I worry a lot. It’s easy to be disheartened. First-world life is good-looking, safe, soothing, and rather nicely catered to the eyes. Its farmers feed the world by producing enough food and clothing to satisfy a growing appetite. We have shops that, for many, provide the world’s most secure way to acquire all the food that we need to feed ourselves.
Yet do our farmers and clothes producers really have the capacity to grow the quantity of food and clothing necessary to provide the goods and services that people around the world need? I’m not just talking about such primitive necessities as clothing and food, which are easy to buy and dispose of. I’m talking about basic necessities such as the basic clothing of the 12 billion people now on earth. We do have a clothing production system that operates in two main paradigms: the trickle down economy of massive unproduced wealth flowing into the hands of the governments that govern us, and the largesse of the people, both rich and poor, who send their surplus earnings in such economic activities as aquaculture.
The two paradigms are very different, and that fact is perhaps the most important one about human life on earth today. One of those paradigms was so obvious to many thinkers that it was called capitalism, and other architects in our past used that schema to justify themselves with self-righteously flippant: “Who am I to say that I can control the growth of peoples and the stock markets!” (Karl Marx), “The growth of an empire is the ruination of nations!” (Thomas Jefferson) or “Emancipation isn’t for slaves: It’s for the people!” (George Washington). Capitalism enabled many people in the past to forget that the profits that human beings provide to non-human companies and governments are a fraction of their profits to humans.
I’m not talking about measures in this essay that would provide a more just distribution of wealth: a bit more power for the electorate on a national, state or local level, for instance. In this regard, at least, I am grateful to those political leaders who always remind us that wealth does not have to be at the expense of the people. And I am grateful to those investors who understand the value that all things wealth add: a continued economy of growth and a stable system of taxation that benefits and sustains human beings and communities. But a wealth system that promotes and reflects human beings and human communities, on the other hand, will seek to insure that prosperity does not solely go to people at the very top.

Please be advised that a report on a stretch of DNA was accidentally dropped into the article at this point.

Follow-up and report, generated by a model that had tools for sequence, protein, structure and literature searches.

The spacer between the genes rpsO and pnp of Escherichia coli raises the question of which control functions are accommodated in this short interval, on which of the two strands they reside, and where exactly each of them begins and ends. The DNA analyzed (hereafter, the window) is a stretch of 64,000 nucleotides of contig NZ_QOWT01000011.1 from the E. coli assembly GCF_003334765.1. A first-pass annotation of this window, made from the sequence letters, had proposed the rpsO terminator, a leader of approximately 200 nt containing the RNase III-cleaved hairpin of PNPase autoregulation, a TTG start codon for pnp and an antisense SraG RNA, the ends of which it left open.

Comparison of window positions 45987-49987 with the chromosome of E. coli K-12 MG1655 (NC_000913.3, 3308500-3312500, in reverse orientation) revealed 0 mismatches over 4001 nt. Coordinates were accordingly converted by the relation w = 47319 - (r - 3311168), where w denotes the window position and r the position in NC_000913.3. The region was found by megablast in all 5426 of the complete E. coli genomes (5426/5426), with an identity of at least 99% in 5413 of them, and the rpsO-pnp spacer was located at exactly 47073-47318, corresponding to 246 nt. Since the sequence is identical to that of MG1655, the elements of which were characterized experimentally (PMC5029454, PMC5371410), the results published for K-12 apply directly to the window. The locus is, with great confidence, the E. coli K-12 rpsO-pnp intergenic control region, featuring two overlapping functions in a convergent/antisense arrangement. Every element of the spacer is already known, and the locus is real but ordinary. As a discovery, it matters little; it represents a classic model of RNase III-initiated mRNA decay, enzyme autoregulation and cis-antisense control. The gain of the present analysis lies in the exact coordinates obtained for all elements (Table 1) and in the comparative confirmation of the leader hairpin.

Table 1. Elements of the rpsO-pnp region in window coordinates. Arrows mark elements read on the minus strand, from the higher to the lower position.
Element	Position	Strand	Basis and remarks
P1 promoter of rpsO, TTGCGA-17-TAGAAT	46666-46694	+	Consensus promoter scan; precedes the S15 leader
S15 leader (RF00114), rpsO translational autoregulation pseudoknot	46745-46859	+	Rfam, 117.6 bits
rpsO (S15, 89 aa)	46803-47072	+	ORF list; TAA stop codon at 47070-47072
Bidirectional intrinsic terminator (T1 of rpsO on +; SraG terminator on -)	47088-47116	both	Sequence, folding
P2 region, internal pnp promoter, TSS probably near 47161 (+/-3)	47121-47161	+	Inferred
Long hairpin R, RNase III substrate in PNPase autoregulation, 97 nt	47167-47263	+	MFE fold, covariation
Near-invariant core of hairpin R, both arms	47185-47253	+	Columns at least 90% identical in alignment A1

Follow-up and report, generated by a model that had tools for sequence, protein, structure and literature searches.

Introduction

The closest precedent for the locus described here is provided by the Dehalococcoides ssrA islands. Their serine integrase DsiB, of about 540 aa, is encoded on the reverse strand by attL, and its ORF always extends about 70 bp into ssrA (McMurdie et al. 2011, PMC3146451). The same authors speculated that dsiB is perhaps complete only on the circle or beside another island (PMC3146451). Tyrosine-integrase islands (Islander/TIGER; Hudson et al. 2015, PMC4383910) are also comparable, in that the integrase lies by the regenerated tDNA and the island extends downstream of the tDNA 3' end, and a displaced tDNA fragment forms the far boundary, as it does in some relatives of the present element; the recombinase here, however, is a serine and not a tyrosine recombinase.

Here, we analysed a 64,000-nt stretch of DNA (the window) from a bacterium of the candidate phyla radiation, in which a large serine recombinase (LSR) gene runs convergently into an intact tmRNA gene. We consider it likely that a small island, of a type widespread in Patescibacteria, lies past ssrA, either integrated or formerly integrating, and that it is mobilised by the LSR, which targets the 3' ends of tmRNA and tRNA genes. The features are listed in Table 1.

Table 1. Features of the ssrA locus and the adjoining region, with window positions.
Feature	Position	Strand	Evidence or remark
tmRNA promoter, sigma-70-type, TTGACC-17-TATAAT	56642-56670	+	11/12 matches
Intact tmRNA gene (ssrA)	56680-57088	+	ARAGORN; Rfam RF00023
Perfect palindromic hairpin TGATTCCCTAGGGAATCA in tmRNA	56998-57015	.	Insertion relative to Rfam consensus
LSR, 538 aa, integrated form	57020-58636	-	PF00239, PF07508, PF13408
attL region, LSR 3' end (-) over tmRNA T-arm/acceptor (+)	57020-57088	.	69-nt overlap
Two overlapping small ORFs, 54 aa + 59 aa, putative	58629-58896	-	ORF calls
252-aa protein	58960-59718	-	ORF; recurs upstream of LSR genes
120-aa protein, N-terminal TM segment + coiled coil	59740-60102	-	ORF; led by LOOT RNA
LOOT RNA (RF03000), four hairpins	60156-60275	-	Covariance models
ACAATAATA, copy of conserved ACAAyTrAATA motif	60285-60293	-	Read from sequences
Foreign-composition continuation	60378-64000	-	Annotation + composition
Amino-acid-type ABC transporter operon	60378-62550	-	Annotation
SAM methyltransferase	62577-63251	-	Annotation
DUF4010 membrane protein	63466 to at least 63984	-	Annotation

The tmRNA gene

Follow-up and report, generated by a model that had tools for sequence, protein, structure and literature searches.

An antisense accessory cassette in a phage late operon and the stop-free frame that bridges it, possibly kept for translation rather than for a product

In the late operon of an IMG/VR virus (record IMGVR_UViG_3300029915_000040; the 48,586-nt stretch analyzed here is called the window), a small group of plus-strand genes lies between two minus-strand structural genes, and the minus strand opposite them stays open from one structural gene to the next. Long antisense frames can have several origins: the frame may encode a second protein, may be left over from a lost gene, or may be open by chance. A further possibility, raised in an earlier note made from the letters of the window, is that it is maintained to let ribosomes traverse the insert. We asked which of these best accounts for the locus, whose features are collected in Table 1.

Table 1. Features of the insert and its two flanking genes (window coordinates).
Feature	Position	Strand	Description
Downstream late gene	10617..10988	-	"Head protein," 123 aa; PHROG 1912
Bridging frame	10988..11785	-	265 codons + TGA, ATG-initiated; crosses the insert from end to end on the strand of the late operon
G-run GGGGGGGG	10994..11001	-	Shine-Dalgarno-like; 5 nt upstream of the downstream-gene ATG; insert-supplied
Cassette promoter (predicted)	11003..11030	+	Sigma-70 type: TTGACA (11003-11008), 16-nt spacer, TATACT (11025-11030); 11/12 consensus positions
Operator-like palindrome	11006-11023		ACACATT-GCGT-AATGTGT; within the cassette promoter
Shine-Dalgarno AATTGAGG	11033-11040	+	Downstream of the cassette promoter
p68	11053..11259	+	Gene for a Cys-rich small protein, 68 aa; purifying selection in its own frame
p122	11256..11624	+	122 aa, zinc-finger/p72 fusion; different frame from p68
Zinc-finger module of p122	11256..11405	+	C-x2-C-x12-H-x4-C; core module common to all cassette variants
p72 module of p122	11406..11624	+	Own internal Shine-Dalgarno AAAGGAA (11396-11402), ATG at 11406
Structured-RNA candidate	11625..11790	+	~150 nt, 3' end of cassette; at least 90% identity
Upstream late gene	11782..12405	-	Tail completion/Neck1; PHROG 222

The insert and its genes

Governments, for their part, do need to provide the best, safest and most productive forms of government services possible so that investors and those of us who run companies can continue to conduct business. However, ensuring that we as citizens can work and have satisfying lives and be able to afford the resources and products needed for it, are difficult tasks that must be taken on by the governments not simply as temporary and temporary offerings of charity and charity-tax-extracting foundations.
It’s very difficult for the largest companies to think in ways that support jobs and good conditions for working people — even if those working-people are small-business owners in America and start-up or growing companies. Such thinking is almost exclusively practiced by institutions that belong to a profit-maximizing economy, such as banks, hedge funds, venture capitalists, and public and private employee unions. Their companies’ biggest employers, by and large, pay themselves more than 20 times more than the average American worker, as explained by the U.S. Bureau of Labor Statistics. This is because profit-maximizing companies are, in fact, nonprofit organizations that operate on many paths. Their largest payouts are mainly to make themselves even more profitable, with a more open dividend policy. That result is well-timed, but the end result is not that well-thought-out.